This is a time-honored bit of advice that you probably already understand and have experienced or heard about in the news. For instance, stories abound about people who have gotten involved in investment schemes promising extraordinary returns. In doing so, money is lost--sometimes fortunes. The trick to knowing when to run is by recognizing some identifiers of a scam.
Recognizing these traits of a scam can help you save money. However, one of the most important things to do is to listen to yourself when something seems wrong. Often, people do not listen to themselves and end up much poorer as a result.
Using a loan to secure money for investment purposes is one of the most risky ventures in existence. Before you run off to the bank for a $100,000 loan, you should understand that this tactic is only for experienced investors.
For most people, debt comes in the form of leveraging future earnings for consumables or belongings to be enjoyed now. This type of spending creates a money pit because the consumables are soon gone, requiring you to purchase or go into greater debt to obtain more. Additionally, belongings do not typically earn money, so the ongoing expense in the form of debt payments burdens your ability to make money without increasing your ability to earn.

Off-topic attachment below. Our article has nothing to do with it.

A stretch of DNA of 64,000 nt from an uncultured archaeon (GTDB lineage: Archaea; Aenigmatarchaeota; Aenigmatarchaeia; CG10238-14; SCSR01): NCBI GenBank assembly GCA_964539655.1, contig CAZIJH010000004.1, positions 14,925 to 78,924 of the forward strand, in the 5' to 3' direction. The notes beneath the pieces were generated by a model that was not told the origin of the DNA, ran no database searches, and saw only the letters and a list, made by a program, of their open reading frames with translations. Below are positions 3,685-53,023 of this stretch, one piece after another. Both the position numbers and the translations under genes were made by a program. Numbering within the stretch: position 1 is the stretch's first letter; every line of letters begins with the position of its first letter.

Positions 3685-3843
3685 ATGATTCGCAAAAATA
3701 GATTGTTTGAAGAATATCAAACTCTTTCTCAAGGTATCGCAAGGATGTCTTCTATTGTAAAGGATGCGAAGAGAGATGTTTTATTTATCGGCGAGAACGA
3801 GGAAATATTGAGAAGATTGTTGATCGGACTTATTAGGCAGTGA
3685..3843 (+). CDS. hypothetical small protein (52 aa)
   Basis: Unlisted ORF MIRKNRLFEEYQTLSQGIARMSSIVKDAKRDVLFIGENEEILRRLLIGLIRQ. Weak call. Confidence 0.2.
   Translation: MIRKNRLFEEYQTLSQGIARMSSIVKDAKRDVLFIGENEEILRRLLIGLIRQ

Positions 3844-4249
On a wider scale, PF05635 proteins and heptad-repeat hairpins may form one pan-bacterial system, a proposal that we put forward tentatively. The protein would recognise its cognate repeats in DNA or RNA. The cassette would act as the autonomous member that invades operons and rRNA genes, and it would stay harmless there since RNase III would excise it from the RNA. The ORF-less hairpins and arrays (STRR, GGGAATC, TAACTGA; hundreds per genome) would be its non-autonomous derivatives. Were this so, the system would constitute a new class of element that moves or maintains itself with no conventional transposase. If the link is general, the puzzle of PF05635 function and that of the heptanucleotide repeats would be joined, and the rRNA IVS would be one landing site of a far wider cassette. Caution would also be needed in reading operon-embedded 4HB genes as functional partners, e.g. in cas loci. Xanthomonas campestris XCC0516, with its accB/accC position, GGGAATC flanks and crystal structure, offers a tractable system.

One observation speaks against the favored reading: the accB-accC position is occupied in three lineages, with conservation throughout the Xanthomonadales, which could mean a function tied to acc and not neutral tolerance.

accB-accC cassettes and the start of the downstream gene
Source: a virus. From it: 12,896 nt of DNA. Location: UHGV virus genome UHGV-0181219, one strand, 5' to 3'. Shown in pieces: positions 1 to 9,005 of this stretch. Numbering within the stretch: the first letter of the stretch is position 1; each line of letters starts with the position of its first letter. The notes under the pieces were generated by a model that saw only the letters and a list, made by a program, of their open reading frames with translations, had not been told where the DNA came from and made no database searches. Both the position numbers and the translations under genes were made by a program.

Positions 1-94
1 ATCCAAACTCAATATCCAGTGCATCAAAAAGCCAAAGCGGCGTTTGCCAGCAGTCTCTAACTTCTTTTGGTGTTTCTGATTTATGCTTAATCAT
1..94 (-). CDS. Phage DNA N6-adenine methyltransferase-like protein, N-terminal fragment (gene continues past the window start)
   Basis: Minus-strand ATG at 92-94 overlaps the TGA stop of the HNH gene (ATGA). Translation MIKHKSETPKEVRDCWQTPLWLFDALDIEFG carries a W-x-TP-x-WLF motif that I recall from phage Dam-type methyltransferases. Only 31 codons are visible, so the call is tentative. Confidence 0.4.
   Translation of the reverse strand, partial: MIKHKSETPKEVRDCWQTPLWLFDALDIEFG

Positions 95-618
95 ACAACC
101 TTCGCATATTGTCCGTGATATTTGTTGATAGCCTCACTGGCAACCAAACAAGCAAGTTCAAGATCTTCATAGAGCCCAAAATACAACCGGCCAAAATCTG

Because debt is an ongoing obligation for you to give your money to someone else, you should endeavor to avoid it and only purchase something if you can purchase it all at once with cash. Of course, you should purchase it only if doing so allows you to adhere to all the foregoing principles.
Of course, the key to understanding wealth building is to understand and apply the aforementioned principles to your life. However, it is also important to know that these are only 10 important principles of many others included in George Samuel Clason's book, The Richest Man in Babylon. Going forward, you should follow principle seven and discover all the in-depth principles that will help you become rich.